Successful Dairying Built on Cows’ Well-Being

From left to right, outreach specialist Courtney Halbach, Professor Nigel Cook, and owner Mark Keller at Kellercrest Holsteins in Mount Horeb, Wisconsin. This summer, The Dairyland Initiative helped the farm evaluate their needs for transitioning from a naturally ventilated barn to a mechanically ventilated barn.
From left to right, outreach specialist Courtney Halbach, Professor Nigel Cook, and owner Mark Keller at Kellercrest Holsteins in Mount Horeb, Wisconsin. This summer, The Dairyland Initiative helped the farm evaluate their needs for transitioning from a naturally ventilated barn to a mechanically ventilated barn.

Since the onset of the COVID-19 global pandemic, The Dairyland Initiative hasn’t missed a beat.

They hosted their first virtual workshops, offered virtual farm consultations, created guidelines to combat the spread of COVID-19, and incorporated other changes to continue to support dairy industry professionals during these everchanging times

Because that is what they do. Launched in 2010, The Dairyland Initiative provides farmers the information they need to build better cattle housing that optimizes cows’ well-being. The program centers around scientific principles developed by School of Veterinary Medicine faculty and staff, recognizing that successful dairying requires well-designed, comfortable facilities for cattle. Their recommendations are continually updated with the latest research findings and clinical experience, and provide economically viable, practical solutions for herds of all sizes.

The practices are sensible, humane, and profitable all at once, says Nigel Cook, professor of food animal production medicine and Dairyland Initiative director. An estimated 65 percent of new cow barns nationwide are built with Dairyland Initiative principles, yielding healthier cows, improved animal welfare, and more efficient and productive dairies. The programming helps keep the dairy industry — a $43 billion industry in Wisconsin alone — safe and productive, especially important in recent years as the industry faces financial challenges and other pressures.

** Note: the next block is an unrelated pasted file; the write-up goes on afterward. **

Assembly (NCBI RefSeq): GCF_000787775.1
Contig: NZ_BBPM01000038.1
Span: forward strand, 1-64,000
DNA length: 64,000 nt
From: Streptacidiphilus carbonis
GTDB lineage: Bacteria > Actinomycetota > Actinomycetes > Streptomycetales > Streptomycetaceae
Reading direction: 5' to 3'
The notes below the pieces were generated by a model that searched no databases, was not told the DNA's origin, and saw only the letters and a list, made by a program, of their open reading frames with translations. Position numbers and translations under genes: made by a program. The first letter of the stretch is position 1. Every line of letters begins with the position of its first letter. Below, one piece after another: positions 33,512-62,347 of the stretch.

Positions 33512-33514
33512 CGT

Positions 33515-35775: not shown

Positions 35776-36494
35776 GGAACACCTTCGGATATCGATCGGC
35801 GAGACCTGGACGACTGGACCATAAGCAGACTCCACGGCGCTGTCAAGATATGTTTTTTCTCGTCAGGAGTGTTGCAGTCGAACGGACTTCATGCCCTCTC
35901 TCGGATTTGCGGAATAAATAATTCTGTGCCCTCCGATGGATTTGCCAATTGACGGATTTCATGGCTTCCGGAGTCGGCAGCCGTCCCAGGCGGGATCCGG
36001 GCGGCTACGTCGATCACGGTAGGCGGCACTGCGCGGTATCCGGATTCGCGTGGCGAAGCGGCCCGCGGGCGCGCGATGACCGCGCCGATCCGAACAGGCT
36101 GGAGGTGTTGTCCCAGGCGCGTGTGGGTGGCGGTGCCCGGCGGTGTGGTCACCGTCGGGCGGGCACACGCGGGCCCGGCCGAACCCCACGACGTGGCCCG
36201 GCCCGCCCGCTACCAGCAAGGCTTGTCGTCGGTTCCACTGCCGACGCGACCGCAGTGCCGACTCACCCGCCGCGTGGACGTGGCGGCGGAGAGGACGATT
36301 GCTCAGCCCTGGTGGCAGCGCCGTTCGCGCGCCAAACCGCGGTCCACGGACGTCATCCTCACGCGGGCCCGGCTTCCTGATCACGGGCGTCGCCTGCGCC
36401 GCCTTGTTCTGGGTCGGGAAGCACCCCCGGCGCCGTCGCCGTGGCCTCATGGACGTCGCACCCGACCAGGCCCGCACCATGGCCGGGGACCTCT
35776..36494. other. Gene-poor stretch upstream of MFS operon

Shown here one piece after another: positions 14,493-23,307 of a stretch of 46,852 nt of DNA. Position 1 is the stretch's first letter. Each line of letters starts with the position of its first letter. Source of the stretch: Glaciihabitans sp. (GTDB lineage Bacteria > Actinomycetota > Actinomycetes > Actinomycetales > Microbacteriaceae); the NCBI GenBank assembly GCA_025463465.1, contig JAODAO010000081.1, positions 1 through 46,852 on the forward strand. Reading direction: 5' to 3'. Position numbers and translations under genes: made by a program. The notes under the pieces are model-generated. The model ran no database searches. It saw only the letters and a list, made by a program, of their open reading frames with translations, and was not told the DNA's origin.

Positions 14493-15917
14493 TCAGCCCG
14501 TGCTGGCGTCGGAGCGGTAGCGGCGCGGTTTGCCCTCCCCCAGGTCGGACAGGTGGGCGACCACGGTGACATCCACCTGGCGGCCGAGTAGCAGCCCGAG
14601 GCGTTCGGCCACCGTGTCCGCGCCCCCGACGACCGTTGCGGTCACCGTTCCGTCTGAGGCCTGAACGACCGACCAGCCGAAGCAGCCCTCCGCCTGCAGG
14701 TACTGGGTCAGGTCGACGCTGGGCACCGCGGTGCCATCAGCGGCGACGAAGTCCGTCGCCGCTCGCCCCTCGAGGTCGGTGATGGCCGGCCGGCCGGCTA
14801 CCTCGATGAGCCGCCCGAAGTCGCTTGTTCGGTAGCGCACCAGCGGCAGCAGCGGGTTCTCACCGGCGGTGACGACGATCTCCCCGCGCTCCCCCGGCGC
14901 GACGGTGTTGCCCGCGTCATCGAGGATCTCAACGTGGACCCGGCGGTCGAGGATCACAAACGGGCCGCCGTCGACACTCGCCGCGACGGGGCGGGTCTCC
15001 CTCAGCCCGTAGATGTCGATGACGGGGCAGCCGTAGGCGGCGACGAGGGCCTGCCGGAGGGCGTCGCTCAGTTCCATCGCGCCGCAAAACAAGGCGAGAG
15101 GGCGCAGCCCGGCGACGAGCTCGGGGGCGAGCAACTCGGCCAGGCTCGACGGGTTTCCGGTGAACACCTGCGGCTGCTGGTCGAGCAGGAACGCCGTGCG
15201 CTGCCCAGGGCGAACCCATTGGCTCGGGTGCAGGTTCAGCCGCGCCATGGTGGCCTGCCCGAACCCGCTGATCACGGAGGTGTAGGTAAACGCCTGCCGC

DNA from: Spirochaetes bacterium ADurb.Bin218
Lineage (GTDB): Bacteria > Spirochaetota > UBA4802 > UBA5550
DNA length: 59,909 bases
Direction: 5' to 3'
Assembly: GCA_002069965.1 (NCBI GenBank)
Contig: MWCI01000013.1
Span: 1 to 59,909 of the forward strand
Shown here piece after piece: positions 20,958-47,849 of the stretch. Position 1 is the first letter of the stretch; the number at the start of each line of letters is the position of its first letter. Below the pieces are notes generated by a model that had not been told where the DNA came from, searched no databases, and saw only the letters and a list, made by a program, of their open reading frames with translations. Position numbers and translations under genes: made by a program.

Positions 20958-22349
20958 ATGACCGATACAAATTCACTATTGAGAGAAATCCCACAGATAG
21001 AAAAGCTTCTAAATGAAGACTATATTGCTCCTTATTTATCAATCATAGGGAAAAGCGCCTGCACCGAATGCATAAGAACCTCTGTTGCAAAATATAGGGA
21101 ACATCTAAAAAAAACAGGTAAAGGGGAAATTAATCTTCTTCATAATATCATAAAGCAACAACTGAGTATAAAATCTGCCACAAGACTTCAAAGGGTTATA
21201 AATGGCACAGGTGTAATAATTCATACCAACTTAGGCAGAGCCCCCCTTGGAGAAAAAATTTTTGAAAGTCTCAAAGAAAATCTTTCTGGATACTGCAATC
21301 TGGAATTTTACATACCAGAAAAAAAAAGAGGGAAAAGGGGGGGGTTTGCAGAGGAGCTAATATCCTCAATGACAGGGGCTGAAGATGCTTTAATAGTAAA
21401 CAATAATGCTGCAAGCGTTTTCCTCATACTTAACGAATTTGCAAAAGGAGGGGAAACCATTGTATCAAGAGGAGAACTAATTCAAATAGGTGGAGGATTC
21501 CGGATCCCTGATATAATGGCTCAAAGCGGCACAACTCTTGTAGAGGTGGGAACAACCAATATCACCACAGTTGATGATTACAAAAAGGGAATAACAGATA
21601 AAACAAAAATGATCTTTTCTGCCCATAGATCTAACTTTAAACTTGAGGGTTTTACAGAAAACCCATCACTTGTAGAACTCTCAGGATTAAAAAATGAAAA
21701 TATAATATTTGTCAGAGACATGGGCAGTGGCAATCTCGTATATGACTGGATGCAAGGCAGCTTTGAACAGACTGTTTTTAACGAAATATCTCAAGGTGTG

The free-stall barn design for dairy cows at UW-Madison’s Arlington Agricultural Research Station follows Dairyland Initiative principles
The free-stall barn design for dairy cows at Arlington Agricultural Research Station follows Dairyland Initiative principles.

“It remains all the more important that the decisions farmers make today are well-informed to ensure a profitable and sustainable future for their herds,” Cook says.

Since 2015, Dairyland Initiative efforts have been bolstered by support from Saputo Inc., a Montreal-based company. They produce, market, and distribute various products, notably cheese, milk, and culture products. Warren Skippon, a veterinarian who serves as Saputo’s director of animal welfare, says The Dairyland Initiative’s mission aligns with Saputo’s belief that high-quality dairy products begin with milk from healthy and well-cared for animals.

“With the launch of our initial Animal Welfare Policy in 2015, we felt it was important to support leading animal welfare experts advancing the field of dairy cattle welfare awareness, education, and training to a wide range of dairy professionals,” he says. “As an established leader in providing valuable dairy animal care resources, we recognized the potential of The Dairyland Initiative to support even more producers in the U.S. and other key dairy-producing countries.”